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Paulanne Simmons

Carole J. Bufford Sings About Body & Soul

"Body & Soul"
Carole J. Bufford
Metropolitan Room
34 West 22 Street
Jan. 16 & 23 at 9:30pm, Feb. 6 &13 at 7pm, Feb. 20 at 9:30pm and Feb. 27 at 7pm
$20 music charge and 2 drink minimum
Reservations: (212) 206-0440 or www.metropolitanroom.com
Reviewed By Paulanne Simmons Jan.16, 2013

Carole J. Bufford

In her new show at The Metropolitan Room, “”Body & Soul,” Carole J. Bufford walks onto the stage in a slinky, sexy and sparkling sheath. But that’s not all that sparkles. With her powerful and at times deeply emotional delivery, Bufford is like fireworks on the fourth of July.

The songs, she says, deal with those “emotions that consume body and soul,” in other words need, desire, lust, rage, revenge and despair, which just about covers most everything worth singing about. So backed by Ian Herman (also the arranger and musical director) on piano and Matt Wigton on upright bass, Bufford sings many of the songs that stir our soul and make our body tingle.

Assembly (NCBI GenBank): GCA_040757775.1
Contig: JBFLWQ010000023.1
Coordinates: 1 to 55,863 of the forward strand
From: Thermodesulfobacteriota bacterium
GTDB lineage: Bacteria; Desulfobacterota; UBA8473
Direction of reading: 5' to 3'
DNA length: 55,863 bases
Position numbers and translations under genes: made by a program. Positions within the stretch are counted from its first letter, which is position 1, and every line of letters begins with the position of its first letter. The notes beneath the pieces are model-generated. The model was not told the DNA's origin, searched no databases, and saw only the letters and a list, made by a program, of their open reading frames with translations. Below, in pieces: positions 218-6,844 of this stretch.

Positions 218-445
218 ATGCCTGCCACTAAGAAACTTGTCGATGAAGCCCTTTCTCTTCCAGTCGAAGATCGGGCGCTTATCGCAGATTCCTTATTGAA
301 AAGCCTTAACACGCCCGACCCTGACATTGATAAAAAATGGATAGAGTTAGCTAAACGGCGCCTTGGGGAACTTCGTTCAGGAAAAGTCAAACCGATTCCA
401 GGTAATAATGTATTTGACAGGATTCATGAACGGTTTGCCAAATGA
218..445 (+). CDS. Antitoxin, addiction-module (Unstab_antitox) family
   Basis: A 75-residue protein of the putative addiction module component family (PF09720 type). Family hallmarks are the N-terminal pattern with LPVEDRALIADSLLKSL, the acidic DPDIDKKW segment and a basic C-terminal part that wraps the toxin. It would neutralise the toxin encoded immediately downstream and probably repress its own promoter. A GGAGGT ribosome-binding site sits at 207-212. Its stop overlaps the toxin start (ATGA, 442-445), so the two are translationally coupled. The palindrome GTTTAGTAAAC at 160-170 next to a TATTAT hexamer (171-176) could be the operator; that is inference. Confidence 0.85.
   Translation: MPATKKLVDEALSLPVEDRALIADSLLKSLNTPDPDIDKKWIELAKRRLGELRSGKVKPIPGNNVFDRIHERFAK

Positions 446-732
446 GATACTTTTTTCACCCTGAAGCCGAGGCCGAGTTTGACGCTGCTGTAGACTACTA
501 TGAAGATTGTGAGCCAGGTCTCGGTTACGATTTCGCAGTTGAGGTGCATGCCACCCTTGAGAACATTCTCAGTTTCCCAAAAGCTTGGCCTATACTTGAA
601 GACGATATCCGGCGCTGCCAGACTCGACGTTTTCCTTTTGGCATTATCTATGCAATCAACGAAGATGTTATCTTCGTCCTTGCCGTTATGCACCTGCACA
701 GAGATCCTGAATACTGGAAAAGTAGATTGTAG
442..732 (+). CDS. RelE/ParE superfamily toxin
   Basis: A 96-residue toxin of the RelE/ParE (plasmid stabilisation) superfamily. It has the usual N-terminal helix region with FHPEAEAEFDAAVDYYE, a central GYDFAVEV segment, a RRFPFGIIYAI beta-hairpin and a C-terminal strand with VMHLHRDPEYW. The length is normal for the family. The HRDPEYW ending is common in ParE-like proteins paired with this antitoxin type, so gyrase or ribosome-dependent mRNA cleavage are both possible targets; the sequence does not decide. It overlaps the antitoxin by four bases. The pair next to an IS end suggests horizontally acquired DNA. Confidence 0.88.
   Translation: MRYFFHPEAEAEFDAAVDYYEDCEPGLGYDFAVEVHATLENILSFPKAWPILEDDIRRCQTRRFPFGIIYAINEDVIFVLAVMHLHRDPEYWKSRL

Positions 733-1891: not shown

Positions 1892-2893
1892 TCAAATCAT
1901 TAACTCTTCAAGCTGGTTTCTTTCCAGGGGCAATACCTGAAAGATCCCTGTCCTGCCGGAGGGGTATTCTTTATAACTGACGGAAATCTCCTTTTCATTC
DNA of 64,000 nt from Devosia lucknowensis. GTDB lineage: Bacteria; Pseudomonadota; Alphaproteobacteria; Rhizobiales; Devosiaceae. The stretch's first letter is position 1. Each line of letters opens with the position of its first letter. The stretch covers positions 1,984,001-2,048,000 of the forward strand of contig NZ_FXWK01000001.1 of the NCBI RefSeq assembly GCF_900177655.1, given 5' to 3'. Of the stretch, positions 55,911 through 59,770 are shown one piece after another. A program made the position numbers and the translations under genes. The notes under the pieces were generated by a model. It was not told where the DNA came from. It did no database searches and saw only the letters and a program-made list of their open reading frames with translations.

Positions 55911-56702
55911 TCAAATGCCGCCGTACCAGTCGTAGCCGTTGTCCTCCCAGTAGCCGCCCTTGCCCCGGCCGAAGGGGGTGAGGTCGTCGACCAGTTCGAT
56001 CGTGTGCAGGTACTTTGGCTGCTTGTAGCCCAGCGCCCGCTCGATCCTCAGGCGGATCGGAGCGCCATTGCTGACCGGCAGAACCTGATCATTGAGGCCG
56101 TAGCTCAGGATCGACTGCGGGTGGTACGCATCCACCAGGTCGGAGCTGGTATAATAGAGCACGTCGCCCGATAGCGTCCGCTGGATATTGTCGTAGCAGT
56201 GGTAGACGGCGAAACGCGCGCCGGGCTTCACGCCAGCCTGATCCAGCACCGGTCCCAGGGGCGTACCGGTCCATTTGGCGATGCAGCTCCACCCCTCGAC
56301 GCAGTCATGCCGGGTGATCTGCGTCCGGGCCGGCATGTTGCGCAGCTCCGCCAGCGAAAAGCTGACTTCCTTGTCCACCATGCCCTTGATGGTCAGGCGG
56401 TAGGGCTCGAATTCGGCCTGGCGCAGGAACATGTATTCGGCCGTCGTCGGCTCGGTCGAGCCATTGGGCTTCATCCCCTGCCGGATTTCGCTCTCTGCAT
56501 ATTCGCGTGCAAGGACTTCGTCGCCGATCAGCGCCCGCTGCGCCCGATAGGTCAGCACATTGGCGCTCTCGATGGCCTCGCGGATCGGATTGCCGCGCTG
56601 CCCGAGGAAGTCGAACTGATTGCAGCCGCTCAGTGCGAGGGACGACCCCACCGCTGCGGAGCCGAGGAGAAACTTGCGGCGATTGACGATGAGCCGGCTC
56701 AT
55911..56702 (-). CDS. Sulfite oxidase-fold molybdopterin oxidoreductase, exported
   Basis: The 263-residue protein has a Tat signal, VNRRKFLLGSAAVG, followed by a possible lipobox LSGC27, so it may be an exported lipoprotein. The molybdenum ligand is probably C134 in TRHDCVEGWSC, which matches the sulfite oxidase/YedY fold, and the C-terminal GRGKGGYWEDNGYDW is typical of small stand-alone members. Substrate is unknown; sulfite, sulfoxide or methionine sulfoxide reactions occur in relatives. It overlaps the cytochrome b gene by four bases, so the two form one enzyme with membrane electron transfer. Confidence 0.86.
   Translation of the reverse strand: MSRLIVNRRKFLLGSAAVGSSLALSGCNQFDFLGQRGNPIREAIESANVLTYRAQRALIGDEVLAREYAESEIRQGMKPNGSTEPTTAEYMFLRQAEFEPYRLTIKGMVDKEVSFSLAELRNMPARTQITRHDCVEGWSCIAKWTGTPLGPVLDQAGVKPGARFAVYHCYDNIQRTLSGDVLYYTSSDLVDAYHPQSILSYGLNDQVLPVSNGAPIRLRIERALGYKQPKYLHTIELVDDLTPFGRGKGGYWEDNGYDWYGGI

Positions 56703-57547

The oldest song in the repertoire, written by Charles Warfield (who claimed he wrote the song by himself) and Clarence Williams, is “Baby, Won’t You Please Come Home,” the first hit version of which was Bessie Smith’s 1923 recording. The youngest is last year’s “Fade Into You,” by Trevor Rosen,Shane McAnally and Matt Jenkins. The rest of the songs present a fair sampling of what composers and lyricists have been saying about the subject for the intervening years.

There are lighthearted songs like “Goody Goody” paired with the more somber “I Wanna Be Around.” And there’s down and dirty blues like “Low, Short and Squatty” and the sophistication of Cole Porter in “What Is This Thing Called Love?”

But most of all, there’s Bufford, an extraordinary artist who manages to create an image that’s a spicy mixture of innocence and sass. Even when she sings of regret, we know she had a great time doing what she did before she began regretting it.

Bufford has appeared in many shows that, like this one, were produced by Scott Siegel, including Jazz at Lincoln Center, “Broadway by the Year” concerts and “11 O’Clock Numbers at 11 O’Clock” at Feinstein’s at Loews Regency, as well as her solo show “Speak Easy,” also at The Metropolitan Room. Her performances consistently prove she is quickly becoming one of the brightest stars in the galaxy of cabaret performers.

“Body & Soul” provides more than an opportunity to see Bufford at her best. It is the kind of show that keeps old standards alive while creating new standards. This is what keeps cabaret strong.

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